Please use this identifier to cite or link to this item: http://hdl.handle.net/1959.13/928791
- Advances in fine and coarse particle flotation
Jameson, Graeme J.
- The University of Newcastle. Faculty of Engineering & Built Environment, School of Engineering
- Flotation works very well for particles that are typically in the range 20 to 150 μm in diameter, for base metal ores. In this range, it is possible to obtain quite high recoveries in conventional flotation machines. Outside this range, the recoveries decline progressively, whether it is with the very fine or the coarse end of the size spectrum. In this paper, the reasons for the drop-off in recovery are briefly reviewed, together with strategies for future work. Recent progress in the author's laboratory is described. This includes the Concorde CellTM, which takes advantage of the high dissipation rates in the shock wave created when a gas-liquid mixture reaches supersonic velocities. The environment thus created is very beneficial for the flotation of ultra-fines. For coarse particles, the reasons for the drop-off in recovery can be related to the highly turbulent nature of the pulp in a conventional flotation cell. To improve recovery, it is necessary to find a way of bringing particles and bubbles into contact in a quiescent environment. A new process for coarse particle flotation is described in which a fluidized bed is created in the flotation cell. The flow conditions are very gentle and the high solids concentration leads to rapid rates of capture of the particles. Experimental results are presented. It is apparent that the maximum floatable size for coal and minerals can be increased by a factor of ten over the limits found in current practice.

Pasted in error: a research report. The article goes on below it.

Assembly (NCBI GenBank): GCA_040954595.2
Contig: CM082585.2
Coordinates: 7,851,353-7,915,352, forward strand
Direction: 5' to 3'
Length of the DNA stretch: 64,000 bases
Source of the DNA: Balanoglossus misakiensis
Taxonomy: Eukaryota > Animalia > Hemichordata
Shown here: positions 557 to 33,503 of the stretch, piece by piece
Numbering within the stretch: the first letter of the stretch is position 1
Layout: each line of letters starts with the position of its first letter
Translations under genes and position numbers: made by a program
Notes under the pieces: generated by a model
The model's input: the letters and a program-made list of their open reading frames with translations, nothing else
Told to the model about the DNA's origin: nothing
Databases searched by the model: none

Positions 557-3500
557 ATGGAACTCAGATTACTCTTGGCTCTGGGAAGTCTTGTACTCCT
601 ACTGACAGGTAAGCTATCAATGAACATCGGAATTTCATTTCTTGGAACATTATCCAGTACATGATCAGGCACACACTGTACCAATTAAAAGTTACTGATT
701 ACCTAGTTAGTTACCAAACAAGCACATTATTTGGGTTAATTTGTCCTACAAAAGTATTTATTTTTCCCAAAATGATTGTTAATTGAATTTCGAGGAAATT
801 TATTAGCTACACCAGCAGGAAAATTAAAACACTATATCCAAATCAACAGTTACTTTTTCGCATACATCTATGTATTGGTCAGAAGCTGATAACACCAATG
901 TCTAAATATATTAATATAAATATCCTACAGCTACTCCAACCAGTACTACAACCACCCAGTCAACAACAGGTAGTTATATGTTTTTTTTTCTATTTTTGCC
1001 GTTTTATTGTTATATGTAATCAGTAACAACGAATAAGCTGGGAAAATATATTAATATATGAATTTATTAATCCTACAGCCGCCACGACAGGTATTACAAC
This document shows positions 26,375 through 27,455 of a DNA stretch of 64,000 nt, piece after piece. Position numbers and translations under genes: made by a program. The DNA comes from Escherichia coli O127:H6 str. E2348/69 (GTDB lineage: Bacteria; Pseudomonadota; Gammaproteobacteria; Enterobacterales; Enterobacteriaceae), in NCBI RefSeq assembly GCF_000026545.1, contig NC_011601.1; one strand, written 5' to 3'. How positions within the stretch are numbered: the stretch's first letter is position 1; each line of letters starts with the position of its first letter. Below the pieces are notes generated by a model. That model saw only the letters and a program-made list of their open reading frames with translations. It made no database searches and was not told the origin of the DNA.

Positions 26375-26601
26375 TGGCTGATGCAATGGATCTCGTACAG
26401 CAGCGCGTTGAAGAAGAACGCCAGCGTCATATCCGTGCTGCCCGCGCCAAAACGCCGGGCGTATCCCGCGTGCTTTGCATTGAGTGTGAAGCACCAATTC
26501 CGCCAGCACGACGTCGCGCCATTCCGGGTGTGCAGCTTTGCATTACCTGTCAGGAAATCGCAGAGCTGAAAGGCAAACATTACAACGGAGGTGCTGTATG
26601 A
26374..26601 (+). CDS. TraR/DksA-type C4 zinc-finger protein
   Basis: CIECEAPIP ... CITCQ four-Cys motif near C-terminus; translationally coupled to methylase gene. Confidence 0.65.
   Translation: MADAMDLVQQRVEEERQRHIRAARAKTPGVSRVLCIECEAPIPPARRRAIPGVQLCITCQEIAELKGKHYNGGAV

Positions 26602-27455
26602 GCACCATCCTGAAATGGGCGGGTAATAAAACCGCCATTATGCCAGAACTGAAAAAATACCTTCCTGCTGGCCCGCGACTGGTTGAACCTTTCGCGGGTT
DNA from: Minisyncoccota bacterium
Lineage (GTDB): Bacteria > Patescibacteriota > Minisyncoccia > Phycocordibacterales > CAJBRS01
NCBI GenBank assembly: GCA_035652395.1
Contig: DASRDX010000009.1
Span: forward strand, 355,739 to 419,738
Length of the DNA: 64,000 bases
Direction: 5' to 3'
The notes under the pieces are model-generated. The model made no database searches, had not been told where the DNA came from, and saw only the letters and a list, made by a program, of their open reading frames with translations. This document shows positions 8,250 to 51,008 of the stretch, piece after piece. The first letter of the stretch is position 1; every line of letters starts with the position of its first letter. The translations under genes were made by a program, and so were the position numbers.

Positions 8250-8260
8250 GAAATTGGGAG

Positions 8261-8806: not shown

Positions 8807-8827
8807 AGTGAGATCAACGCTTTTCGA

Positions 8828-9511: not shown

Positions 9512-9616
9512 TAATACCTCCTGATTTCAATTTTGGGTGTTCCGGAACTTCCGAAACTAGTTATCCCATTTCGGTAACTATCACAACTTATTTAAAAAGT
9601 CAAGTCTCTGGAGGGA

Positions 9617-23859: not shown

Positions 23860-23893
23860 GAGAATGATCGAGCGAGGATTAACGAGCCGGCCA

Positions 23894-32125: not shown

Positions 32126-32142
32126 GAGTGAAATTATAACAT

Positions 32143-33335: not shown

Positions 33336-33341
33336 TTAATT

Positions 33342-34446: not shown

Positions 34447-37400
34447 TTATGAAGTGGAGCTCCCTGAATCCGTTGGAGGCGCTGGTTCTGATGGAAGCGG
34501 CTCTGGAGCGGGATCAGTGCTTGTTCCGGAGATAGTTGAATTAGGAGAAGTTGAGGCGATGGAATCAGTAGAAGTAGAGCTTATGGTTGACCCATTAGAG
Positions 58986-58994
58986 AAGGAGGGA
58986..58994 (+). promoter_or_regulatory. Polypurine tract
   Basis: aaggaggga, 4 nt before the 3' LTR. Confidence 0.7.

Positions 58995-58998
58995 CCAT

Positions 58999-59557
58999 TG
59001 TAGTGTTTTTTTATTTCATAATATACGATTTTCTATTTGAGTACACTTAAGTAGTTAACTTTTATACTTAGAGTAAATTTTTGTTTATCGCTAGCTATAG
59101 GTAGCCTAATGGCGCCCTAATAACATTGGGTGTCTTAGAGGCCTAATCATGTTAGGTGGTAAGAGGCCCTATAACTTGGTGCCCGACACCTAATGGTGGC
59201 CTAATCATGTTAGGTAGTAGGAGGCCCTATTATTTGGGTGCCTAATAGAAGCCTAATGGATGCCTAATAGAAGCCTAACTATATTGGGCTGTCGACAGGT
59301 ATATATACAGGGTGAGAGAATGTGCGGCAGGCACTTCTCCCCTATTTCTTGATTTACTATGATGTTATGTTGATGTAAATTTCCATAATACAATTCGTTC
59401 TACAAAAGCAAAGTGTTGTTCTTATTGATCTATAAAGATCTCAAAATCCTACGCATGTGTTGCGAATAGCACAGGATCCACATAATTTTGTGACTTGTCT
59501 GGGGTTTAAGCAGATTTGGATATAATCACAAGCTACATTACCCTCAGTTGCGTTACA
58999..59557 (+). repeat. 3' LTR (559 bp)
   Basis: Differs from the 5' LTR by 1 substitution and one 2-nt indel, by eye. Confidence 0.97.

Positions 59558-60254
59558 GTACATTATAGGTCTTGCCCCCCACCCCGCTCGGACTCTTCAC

- Canadian Metallurgical Quarterly Vol. 49, p. 328-330
- Maney Publishing
coarse particle flotation;
- Resource Type
- journal article